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It is a play on words. Zurück in die Zukunft is the German title of a popular movie series (Back to the future). I guess they replaced f with s to mix in the word Kunst (art). What this might mean is left to the reader’s interpretation … Edit: Thinking about it, I wonder whether it is intentional or purely coincidental that in old blackletter fonts the s ...


In that conversation, I think there is a more detailed meaning than it does not work: Gehen wir Samstag aus? Am Samstag geht es nicht. It could mean Going out at Saturday is not possible; but likely it can also mean I would prefer not to go out at Saturday, maybe involving intonation inviting to negotiate.


Literally "geht es nicht" in English would be "goes is not". Idiomatically in English the German expression would be "is a no go" (or just "is no-go"). The sense in either language is rejection made more active by phrasing it in terms of going.


The Phrase es/etwas geht (nicht) has the same meaning as es/etwas funktioniert (nicht) So, »es/etwas geht <-> es/etwas geht nicht« just means It/something works <-> it/something doesn't work It's just a phrase. There are lots of phrases in English Language that also doesn't make much sense when you try to translate them ...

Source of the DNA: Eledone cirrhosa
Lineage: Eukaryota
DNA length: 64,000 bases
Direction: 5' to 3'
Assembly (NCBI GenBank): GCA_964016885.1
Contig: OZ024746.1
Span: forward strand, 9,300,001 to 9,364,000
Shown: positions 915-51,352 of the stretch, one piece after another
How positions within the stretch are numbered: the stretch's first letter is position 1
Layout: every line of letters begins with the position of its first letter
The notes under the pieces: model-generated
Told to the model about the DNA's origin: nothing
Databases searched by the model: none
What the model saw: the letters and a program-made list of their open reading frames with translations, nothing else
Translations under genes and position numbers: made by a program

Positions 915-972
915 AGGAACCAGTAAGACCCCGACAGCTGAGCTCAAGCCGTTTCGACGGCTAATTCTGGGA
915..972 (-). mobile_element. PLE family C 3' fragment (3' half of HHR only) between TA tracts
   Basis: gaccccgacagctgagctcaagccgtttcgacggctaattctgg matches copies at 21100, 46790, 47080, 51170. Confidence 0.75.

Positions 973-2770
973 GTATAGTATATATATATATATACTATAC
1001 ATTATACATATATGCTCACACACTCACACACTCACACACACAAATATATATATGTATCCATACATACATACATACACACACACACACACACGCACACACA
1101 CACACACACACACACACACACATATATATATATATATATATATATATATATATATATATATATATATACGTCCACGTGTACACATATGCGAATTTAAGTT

This is somewhat more related to Deutsche Post than to the German language. Most post offices are franchising partners (i.e. not working directly for Deutsche Post) and often saying things like Wir tragen keine Schuld, die Post hat den Fehler begangen. While this is unwanted by the Post, the franchising partners are differentiating themselves from the ...


It wasn't wrong to use "Sie" in this situation, but to understand it the way you meant it, it would have required the clerk to see himself as a representative of the company he is working for, instead of being addressed personally (which is the "normal" function of a "verb + Sie" constructionin a direct talk). Maybe this was too demanding for him (wouldn't ...


Your assessments are correct so far. Modern-day German would unambiguously understand ihr seid as a plural form, with Sie sind being a formal one and du bist being informal. Usually in games I would expect the du form, unless we're talking economy sims where the employees address their boss (you, the player) with Sie. So in a Toad would tell you (being ...

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